With a quick, fragrant burst of color each spring or early summer, a lilac makes a beautiful bloom for only a few weeks a year and then acts as a wonderful shade tree for the remainder of the growing season. When well taken care of, a lilac can grow for over a century and live as a foundation for any garden or yard. When you know when and how to trim lilac bushes you can ensure flowering each year and decrease the chance of disease from low air circulation.
Let the lilac plant bloom and wait for the flowers to start to die off. After blooming is the best time to prune without damaging next year's blooms no matter when your particular variety of lilac blooms.
Clip off old blooms with the pruners by cutting just behind the bloom at an angle. If your lilac is tall you may not be able to clip the highest blooms, so leave them and clip the ones you can reach.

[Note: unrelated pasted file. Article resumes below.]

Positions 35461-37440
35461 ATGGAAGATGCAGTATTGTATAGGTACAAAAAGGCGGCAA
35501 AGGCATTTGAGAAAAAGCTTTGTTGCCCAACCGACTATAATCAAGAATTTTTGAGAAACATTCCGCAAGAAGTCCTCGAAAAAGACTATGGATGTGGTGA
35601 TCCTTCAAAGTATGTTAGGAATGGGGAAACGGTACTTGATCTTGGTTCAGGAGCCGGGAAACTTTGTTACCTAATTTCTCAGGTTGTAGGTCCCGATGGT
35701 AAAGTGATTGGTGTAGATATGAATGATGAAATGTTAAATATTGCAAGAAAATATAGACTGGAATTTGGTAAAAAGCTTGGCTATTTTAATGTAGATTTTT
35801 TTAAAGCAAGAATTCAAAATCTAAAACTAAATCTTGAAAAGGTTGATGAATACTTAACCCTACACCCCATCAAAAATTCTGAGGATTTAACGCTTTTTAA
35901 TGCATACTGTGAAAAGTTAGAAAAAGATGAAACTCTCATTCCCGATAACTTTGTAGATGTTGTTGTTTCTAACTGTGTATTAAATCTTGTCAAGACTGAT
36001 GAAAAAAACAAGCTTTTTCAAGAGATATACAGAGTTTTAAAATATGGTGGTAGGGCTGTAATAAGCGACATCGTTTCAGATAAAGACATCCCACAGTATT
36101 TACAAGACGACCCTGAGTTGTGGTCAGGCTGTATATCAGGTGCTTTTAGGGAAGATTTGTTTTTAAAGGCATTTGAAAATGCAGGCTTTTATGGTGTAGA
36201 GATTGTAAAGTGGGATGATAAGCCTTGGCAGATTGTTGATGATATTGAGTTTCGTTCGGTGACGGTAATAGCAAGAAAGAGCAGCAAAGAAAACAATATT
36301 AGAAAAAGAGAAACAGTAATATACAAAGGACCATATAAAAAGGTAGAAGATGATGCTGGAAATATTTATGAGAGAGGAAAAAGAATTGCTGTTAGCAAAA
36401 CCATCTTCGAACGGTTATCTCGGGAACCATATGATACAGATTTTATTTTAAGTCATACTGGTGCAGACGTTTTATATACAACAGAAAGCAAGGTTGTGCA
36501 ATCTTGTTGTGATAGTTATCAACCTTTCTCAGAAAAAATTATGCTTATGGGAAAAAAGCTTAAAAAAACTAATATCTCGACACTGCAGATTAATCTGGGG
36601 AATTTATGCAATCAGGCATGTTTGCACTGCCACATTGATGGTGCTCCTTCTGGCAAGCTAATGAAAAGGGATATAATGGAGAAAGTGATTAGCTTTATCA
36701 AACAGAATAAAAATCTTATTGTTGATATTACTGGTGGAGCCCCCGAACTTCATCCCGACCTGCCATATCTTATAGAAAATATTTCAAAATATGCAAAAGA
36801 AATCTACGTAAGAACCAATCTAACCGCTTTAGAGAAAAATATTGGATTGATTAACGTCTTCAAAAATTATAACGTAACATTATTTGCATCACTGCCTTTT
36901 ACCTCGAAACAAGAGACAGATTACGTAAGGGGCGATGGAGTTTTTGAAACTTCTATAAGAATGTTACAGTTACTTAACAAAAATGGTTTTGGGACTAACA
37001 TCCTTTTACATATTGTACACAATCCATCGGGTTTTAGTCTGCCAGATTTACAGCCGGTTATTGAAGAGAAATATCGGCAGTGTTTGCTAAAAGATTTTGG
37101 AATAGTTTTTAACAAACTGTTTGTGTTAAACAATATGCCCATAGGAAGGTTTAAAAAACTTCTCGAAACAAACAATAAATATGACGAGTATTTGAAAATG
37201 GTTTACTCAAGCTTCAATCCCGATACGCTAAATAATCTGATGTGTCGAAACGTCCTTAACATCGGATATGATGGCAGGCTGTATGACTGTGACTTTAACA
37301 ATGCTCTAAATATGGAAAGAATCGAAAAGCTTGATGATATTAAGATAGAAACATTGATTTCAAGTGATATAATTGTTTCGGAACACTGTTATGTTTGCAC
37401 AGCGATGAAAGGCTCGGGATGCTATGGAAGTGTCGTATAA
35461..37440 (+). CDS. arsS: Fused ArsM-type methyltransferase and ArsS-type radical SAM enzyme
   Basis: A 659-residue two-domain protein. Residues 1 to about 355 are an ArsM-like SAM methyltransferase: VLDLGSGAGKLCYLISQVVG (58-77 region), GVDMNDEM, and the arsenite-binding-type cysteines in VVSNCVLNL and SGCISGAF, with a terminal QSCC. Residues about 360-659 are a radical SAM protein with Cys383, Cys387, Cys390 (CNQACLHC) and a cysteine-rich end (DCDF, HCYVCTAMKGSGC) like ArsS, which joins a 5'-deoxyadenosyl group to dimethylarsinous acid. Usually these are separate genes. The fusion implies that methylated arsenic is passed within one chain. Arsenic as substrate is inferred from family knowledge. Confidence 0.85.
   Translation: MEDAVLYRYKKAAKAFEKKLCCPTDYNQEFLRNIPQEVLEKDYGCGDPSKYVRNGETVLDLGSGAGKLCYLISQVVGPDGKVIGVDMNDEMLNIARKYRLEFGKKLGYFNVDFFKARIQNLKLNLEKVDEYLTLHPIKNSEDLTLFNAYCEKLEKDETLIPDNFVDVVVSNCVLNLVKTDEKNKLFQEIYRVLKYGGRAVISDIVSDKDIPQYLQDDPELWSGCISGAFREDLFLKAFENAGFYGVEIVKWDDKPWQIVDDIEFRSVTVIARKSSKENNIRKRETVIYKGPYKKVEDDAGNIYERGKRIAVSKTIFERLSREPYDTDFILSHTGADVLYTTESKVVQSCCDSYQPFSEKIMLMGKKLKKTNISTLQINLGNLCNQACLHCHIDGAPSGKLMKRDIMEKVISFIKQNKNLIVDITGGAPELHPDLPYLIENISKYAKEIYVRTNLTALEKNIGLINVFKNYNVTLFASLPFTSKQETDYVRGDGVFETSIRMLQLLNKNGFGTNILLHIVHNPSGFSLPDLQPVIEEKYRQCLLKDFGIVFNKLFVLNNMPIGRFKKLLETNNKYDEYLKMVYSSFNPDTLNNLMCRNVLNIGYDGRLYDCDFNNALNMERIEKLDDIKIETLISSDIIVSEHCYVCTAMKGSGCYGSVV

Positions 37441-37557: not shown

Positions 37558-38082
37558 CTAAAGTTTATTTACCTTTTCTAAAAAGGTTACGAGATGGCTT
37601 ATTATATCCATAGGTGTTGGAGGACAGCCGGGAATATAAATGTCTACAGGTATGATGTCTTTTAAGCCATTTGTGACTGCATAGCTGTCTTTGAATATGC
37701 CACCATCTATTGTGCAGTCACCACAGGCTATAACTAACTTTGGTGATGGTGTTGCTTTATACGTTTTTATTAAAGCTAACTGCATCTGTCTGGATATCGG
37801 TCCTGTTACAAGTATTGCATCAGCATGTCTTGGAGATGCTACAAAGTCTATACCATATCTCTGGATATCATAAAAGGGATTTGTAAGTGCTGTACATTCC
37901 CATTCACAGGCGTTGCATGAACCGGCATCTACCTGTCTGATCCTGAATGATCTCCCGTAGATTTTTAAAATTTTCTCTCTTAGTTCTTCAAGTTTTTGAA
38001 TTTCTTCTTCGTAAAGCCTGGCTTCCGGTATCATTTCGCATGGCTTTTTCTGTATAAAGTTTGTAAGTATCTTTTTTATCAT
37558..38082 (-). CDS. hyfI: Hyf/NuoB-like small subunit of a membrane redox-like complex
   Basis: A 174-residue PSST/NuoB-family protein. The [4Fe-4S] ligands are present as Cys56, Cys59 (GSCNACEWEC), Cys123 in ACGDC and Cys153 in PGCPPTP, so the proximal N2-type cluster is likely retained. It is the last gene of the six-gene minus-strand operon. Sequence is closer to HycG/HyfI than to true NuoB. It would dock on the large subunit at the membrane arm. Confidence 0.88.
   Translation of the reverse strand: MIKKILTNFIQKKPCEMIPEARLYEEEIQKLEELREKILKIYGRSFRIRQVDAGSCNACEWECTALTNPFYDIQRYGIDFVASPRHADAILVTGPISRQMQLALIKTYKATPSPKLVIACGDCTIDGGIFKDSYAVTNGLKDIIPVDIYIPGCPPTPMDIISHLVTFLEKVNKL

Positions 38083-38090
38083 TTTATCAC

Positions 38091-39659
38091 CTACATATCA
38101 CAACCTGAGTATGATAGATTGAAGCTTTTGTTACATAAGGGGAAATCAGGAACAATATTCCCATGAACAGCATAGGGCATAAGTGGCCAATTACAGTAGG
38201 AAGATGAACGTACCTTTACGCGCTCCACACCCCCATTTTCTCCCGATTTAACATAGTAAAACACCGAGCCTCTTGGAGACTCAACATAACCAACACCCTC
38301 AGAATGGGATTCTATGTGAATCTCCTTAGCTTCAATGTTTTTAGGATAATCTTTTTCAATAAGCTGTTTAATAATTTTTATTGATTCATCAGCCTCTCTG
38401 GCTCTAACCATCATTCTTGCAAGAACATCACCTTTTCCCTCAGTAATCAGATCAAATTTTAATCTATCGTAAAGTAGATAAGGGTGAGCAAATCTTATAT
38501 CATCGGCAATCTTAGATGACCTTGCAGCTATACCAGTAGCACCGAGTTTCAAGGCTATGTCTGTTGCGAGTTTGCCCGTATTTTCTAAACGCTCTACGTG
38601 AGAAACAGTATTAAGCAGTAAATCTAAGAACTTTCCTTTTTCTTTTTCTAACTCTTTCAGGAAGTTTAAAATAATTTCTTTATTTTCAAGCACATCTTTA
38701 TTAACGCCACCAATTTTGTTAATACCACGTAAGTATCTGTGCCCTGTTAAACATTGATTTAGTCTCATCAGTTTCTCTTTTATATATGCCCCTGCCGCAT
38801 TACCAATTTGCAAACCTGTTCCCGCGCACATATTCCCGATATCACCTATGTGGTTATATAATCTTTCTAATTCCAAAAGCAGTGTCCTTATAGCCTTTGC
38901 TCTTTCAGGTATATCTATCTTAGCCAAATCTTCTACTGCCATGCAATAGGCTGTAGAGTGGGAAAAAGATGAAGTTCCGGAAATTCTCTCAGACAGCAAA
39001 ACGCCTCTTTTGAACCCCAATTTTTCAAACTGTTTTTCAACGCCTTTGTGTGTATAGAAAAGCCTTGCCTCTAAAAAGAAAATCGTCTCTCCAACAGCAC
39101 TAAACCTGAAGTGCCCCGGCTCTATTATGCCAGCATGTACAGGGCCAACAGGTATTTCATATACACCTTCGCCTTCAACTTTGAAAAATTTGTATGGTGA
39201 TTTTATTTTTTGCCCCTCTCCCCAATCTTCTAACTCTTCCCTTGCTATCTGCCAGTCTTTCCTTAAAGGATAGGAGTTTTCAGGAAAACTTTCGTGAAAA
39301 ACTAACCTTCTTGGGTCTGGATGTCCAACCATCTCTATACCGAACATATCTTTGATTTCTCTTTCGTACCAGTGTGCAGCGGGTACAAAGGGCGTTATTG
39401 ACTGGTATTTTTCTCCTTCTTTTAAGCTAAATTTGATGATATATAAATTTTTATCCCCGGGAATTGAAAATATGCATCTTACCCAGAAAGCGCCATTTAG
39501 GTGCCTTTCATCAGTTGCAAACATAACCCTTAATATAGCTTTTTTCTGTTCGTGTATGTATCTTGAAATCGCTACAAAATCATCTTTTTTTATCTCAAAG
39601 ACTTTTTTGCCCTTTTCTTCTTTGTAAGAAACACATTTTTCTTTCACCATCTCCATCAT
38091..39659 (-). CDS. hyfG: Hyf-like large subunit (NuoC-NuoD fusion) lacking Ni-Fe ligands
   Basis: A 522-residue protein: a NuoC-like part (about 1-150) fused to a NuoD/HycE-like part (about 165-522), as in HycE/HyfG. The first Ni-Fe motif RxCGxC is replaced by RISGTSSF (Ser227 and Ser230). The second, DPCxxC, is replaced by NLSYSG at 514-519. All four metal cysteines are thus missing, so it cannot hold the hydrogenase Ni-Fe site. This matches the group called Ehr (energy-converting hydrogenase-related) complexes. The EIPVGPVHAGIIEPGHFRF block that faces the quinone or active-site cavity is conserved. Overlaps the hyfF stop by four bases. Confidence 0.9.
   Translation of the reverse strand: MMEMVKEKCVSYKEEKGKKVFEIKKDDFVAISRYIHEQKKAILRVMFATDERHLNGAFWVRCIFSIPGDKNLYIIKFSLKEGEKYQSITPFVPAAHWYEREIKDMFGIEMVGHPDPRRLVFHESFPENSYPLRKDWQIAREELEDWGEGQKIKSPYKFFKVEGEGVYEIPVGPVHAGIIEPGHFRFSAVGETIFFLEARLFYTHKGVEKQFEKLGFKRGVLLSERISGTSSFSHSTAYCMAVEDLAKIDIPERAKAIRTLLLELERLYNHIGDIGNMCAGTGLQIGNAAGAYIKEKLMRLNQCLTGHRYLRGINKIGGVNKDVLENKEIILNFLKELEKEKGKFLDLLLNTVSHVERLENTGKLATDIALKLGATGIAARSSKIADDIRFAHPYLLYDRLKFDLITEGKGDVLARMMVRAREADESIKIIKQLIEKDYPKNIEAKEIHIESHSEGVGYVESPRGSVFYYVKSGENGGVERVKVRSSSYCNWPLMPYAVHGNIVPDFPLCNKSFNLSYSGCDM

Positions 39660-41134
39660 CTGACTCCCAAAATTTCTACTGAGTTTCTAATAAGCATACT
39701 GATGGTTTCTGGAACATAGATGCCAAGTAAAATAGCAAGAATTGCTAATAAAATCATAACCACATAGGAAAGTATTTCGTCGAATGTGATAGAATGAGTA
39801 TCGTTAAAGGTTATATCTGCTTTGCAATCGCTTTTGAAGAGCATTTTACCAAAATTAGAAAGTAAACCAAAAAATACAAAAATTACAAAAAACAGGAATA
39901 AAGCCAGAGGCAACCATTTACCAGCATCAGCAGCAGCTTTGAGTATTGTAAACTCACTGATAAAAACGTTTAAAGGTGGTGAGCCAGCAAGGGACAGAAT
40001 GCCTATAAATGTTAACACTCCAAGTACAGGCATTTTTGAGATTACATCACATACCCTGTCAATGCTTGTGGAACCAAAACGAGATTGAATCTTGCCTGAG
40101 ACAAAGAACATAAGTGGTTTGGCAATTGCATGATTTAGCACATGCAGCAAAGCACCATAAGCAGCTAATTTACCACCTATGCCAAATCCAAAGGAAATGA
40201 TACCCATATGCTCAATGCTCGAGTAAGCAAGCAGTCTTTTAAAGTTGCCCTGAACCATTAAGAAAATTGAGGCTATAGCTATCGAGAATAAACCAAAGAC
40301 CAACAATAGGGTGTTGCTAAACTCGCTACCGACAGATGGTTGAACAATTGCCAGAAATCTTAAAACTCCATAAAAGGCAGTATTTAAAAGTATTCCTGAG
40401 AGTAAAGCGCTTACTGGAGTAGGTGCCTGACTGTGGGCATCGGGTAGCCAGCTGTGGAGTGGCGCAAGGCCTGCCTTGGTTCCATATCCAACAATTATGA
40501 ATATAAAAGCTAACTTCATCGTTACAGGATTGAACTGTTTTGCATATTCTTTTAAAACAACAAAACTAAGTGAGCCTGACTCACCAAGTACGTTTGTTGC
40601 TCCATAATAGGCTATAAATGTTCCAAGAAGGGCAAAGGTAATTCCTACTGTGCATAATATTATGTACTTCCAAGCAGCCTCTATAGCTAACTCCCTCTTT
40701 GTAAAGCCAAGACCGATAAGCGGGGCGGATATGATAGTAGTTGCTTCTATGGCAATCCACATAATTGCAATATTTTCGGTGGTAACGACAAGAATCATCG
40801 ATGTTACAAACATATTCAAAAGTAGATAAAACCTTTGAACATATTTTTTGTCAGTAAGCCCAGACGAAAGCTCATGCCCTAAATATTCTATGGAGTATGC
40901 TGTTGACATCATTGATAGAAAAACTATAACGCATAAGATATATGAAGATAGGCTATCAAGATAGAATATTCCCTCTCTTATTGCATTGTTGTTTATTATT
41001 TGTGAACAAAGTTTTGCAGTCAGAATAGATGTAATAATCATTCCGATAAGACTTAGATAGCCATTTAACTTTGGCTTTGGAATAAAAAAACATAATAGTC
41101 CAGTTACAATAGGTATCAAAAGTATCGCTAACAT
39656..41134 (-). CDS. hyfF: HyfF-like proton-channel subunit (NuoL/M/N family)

Cut off old or damaged branches by following them either to the ground or to where they branch off from a healthy branch. Cut them off cleanly either at ground level or parallel to the healthy branch, respectively.
Prune the lilac for shape by trimming healthy branches only if it is obstructing moving objects, such as garage doors, or rubbing on the side of a building where damage could occur. Otherwise, allow the plant to grow in its natural habit.